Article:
Results 1 to 8 of 8

Math Help - Convergence of sequence using definition

  1. #1
    Member
    Joined
    Dec 2012
    From
    -
    Posts
    77

    Convergence of sequence using definition

    "using the definition (epsilon-N definition), show that the sequences (-1)^n(1/3n) + (1/2n) and cos(n^2)/(3n+1) both converge to the limit zero". ok, so i know the limit and i know the process. i can handle these questions ok when it is just a polynomial sequence but, for example, what do i do with the (-1)^n? the first step i need to do is deal with this and i don't know how to proceed. similar for cosines.
    Follow Math Help Forum on Facebook and Google+

  2. #2
    MHF Contributor
    Prove It's Avatar
    Joined
    Aug 2008
    Posts
    11,318
    Thanks
    1234

    Re: Convergence of sequence using definition

    Can you show us what you tried please?
    Follow Math Help Forum on Facebook and Google+

  3. #3
    Member
    Joined
    Dec 2012
    From
    -
    Posts
    77

    Re: Convergence of sequence using definition

    hi,
    as i said, i encountered a problem with the first step. if someone can tell me how to deal with the (-1)^n, i can do the rest. but i cant try anything beyond that because the obstacle i need help with is right at the beginning..
    Follow Math Help Forum on Facebook and Google+

  4. #4
    MHF Contributor

    Joined
    Aug 2006
    Posts
    18,605
    Thanks
    1573
    Awards
    1

    Re: Convergence of sequence using definition

    Quote Originally Posted by learning View Post
    hi,
    as i said, i encountered a problem with the first step. if someone can tell me how to deal with the (-1)^n, i can do the rest. but i cant try anything beyond that because the obstacle i need help with is right at the beginning..
    For the first one separate it.
    \left| {{{( - 1)}^n}{{\left( {\frac{1}{3}} \right)}^n} + \frac{1}{{2n}}} \right| \le \left| {{{( - 1)}^n}{{\left( {\frac{1}{3}} \right)}^n}} \right| + \left| {\frac{1}{{2n}}} \right|

    Make each of those terms less than \frac{\varepsilon }{2}.
    Follow Math Help Forum on Facebook and Google+

  5. #5
    Member
    Joined
    Dec 2012
    From
    -
    Posts
    77

    Re: Convergence of sequence using definition

    hmmm its 1/3n, not (1/3)^n. so does this make a difference? my thought was that i should just say that the whole thing is less than (something?) regardless of sign so i.e. take the value for even n and say its less than that?
    Follow Math Help Forum on Facebook and Google+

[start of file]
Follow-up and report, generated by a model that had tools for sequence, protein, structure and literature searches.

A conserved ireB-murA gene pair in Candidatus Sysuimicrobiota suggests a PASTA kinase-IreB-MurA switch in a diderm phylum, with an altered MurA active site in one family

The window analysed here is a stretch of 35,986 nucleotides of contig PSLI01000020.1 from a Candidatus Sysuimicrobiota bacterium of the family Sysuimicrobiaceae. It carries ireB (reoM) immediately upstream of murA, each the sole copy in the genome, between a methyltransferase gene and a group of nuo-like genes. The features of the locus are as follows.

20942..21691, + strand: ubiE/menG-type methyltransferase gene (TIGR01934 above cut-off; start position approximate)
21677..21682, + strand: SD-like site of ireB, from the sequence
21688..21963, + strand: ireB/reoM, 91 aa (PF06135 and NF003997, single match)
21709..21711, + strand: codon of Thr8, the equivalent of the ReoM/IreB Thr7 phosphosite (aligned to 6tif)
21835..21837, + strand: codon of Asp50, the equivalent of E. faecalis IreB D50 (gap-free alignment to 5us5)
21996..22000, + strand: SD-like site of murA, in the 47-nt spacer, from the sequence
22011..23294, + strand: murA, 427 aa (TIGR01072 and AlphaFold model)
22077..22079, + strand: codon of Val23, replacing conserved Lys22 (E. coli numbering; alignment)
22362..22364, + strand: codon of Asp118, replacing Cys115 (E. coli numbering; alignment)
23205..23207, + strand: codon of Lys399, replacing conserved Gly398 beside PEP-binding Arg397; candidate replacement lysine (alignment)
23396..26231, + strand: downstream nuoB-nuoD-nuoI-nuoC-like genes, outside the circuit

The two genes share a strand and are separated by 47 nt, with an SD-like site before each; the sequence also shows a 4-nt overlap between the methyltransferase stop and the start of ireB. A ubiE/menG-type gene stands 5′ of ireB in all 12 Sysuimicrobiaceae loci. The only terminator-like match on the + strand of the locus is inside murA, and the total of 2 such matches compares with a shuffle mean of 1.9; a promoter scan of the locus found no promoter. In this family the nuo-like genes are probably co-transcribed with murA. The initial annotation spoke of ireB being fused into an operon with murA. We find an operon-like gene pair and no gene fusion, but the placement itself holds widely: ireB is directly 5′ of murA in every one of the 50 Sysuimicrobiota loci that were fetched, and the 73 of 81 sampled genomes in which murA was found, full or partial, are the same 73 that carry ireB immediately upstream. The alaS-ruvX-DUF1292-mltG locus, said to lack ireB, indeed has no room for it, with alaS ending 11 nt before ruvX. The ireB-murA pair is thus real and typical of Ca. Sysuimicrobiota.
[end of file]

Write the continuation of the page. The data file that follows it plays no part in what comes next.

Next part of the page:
6. #6
    MHF Contributor Siron's Avatar
    Joined
    Jul 2011
    From
    Norway
    Posts
    1,250
    Thanks
    20

    Re: Convergence of sequence using definition

    To prove \lim_{n \to \infty} (-1)^n \frac{1}{3n}+\frac{1}{2n}=0, i.e \forall \epsilon>0, \exists P>0: |n|>P \Rightarrow \left|(-1)^n \frac{1}{3n}+\frac{1}{2n}\right|<\epsilon
    Proof:
    Let \epsilon>0 then we have
    \left|(-1)^n \frac{1}{3n}+\frac{1}{2n}\right| = \left|\frac{1}{3n}\right|+\left|\frac{1}{2n}\right  |=\left|\frac{1}{n}\right|\frac{5}{6}.
    Since |n|>P \Rightarrow \left|\frac{1}{n}\right|<\frac{1}{P}.

    Can you finish the proof?
    Follow Math Help Forum on Facebook and Google+

  7. #7
    Member
    Joined
    Dec 2012
    From
    -
    Posts
    77

    Re: Convergence of sequence using definition

    what i did is:

    |(-1)^n\frac{1}{3n}+\frac{1}{2n}|=|\frac{(-1)^n2n + 3n}{6n^2}| \leq |\frac{5n}{6n^2}| \leq |\frac{5}{6n}| etc.... is this the same/an ok way of expressing it? basically saying that 'it has to be less than what it is if n is even', as that gives the highest absolute value. i mean its technically true, do i have to be more rigid in the conditions here? it leads to same the resut. and yes i am confortable with the rest of the proof it was just how to deal with the (-1)^n i have never come across. basically the differnce is i put the two parts over a common denomnator instead of splitting. in fact once the (-1)^n is gone i can just get rid of the modulus altogether since its all always positive then.
    Last edited by learning; March 24th 2013 at 01:53 PM.
    Follow Math Help Forum on Facebook and Google+

  8. #8
    MHF Contributor Siron's Avatar
    Joined
    Jul 2011
    From
    Norway
    Posts
    1,250
    Thanks
    20

    Re: Convergence of sequence using definition

    Can you give the proof for the other limit now?
    Follow Math Help Forum on Facebook and Google+

Similar Math Help Forum Discussions

  1. Replies: 18
    Last Post: April 12th 2012, 02:34 PM
  2. definition of convergence of a sequence
    Posted in the Advanced Algebra Forum
    Replies: 3
    Last Post: September 23rd 2011, 11:04 AM
  3. Convergence of sequence using the definition
    Posted in the Differential Geometry Forum
    Replies: 6
    Last Post: August 2nd 2010, 07:47 AM
  4. Definition of a sequence
    Posted in the Calculus Forum
    Replies: 3
    Last Post: March 27th 2010, 05:10 PM
  5. Replies: 6
    Last Post: October 24th 2008, 01:45 PM

Search Tags


/mathhelpforum @mathhelpforum